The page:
History of Studebaker and the Studebaker Wagon, Part 2

1 / 6
Sam Moore has been interested in agricultural machinery since he was a boy growing up in western Pennsylvania.
2 / 6
The success of the Studebaker wagon enabled Studebaker Brothers to broaden their product line into luxury carriages — such as this brougham the company built for President Benjamin Harrison in 1889. This picture comes from the 1942 book "More Than You Promise."
3 / 6
A 1914 Studebaker advertisement from the Rural New Yorker features the 48-year-old Studebaker wagon owned by Dave Clark of Gilenton, WI. Clark won a prize for owning the oldest Studebaker farm wagon still in continuous use, offered by John Mohler Studebaker on the occasion of his 80th birthday. Clark bought his wagon in 1865.
4 / 6
A 1916 Studebaker advertisement from Successful Farming magazine shows a new-model touring car with a 40-hp engine, and "ROOM for SEVEN passengers — and comfort for every one of them."
5 / 6
Thomas Edison, seen here in the passenger seat, owned an early Studebaker electric car. This photos appears in the book "More Than You Promise."
6 / 6
Octogenarian John Mohler Studebaker rides in the front passenger seat of this 1916 Studebaker Big 6, parked in front of the factory in South Bend, Ind., left. In the back seat, from left, are Fred Fish, behind John Mohler, and Albert Erskine, behind the driver, who is unidentified. This photo comes from the book "More Than you Promise."

After the Civil War, the Studebaker brothers were aggressive in promoting their Studebaker wagon and other their products. They advertised in newspapers, mailed out catalogs, and exhibited at fairs and farm shows. They donated a wagon to the state agricultural school at Columbia, Mo., and made sure all the papers heard about it.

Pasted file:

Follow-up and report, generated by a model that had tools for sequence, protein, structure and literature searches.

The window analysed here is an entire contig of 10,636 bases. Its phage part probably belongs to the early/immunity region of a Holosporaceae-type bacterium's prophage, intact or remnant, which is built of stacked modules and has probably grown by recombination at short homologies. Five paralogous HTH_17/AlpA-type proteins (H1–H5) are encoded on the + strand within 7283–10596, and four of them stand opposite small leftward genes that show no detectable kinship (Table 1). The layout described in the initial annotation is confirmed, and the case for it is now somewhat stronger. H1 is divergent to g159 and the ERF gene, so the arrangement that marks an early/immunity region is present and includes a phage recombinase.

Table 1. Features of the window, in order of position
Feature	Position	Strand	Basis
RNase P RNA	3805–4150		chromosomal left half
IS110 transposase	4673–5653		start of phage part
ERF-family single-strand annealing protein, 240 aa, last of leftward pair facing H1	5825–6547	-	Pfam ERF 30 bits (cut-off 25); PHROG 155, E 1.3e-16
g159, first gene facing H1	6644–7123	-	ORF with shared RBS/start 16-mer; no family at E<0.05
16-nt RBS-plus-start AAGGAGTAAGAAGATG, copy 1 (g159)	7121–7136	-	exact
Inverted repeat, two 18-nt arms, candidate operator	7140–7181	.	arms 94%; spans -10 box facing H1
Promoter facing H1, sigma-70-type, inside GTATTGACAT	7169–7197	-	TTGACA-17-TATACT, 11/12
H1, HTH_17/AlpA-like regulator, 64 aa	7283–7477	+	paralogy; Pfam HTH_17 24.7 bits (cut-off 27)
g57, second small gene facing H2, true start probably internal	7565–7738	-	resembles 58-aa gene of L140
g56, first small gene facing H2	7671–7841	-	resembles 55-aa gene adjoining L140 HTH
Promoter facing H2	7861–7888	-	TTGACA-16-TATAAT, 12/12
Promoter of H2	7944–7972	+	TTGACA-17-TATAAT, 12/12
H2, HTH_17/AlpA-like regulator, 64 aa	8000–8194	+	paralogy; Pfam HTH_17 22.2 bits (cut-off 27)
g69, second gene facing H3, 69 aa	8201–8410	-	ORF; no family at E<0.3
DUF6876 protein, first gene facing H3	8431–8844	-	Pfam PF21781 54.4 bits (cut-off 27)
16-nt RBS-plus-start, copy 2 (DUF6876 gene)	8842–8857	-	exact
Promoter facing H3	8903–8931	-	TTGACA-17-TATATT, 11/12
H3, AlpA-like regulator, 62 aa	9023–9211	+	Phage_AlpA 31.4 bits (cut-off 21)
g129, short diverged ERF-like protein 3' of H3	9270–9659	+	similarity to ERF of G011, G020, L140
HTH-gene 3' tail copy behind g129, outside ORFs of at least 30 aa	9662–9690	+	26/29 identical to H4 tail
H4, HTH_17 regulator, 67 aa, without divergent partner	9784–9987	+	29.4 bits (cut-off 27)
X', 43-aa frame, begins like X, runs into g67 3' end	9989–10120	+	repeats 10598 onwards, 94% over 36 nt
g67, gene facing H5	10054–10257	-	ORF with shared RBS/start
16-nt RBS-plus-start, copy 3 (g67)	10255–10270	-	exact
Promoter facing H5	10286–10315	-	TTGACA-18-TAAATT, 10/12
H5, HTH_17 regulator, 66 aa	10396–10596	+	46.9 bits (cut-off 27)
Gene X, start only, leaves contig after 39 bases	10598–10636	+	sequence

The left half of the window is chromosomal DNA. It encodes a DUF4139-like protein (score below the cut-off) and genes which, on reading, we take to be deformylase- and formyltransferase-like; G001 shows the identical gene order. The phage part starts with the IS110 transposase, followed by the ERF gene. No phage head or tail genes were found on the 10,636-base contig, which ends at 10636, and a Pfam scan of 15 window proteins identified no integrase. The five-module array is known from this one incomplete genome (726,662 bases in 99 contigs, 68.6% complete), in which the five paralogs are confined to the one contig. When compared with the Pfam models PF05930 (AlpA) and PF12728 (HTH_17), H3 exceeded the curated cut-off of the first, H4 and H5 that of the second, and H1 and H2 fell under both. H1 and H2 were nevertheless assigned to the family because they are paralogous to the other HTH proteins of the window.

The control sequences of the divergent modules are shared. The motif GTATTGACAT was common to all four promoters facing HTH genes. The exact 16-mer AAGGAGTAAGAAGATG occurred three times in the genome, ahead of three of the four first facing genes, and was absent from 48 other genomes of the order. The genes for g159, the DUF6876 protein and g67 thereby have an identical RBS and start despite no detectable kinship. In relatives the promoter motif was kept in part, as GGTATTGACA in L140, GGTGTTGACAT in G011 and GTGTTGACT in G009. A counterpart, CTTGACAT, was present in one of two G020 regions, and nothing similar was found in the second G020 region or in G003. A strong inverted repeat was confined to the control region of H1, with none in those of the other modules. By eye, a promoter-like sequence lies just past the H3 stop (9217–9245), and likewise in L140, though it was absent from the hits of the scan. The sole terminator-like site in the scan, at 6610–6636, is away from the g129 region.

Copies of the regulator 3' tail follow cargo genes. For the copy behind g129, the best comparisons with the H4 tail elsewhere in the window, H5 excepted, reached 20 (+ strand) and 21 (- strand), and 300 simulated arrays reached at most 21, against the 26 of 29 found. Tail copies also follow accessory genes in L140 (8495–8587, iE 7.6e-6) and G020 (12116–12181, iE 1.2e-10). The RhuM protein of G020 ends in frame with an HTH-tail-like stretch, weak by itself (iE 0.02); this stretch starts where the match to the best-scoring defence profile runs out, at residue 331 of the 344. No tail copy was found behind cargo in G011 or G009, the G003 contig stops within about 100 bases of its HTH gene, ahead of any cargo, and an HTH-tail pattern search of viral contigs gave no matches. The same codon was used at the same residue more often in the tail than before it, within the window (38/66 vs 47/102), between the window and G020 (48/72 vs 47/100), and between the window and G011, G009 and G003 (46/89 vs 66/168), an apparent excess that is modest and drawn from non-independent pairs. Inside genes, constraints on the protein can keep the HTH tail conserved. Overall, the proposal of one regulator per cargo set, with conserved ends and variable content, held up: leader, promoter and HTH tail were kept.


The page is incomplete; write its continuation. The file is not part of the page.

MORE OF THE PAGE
Local hauling contests always made news, and the Studebakers tried to ensure their wagons were represented as often as possible. Once, in a Kokomo, Ind., weight contest, a Studebaker and a Webster wagon were loaded with progressively heavier loads of wheat. At 14,320 pounds, a spoke on the Studebaker cracked, and the Webster dealer thought he’d won.

They kept going, though, and at 19,260 pounds, the Webster’s front axle cracked. More wheat was brought, and both wagons limped 82 more feet with 20,665 pounds aboard. The Studebaker dealer threw on six more bushels and moved another 20 feet. The Webster dealer gave up at that point but claimed victory because none of his spokes had cracked. The Studebaker man was just as sure he was the victor because his axles held up and he moved the load the furthest of the two.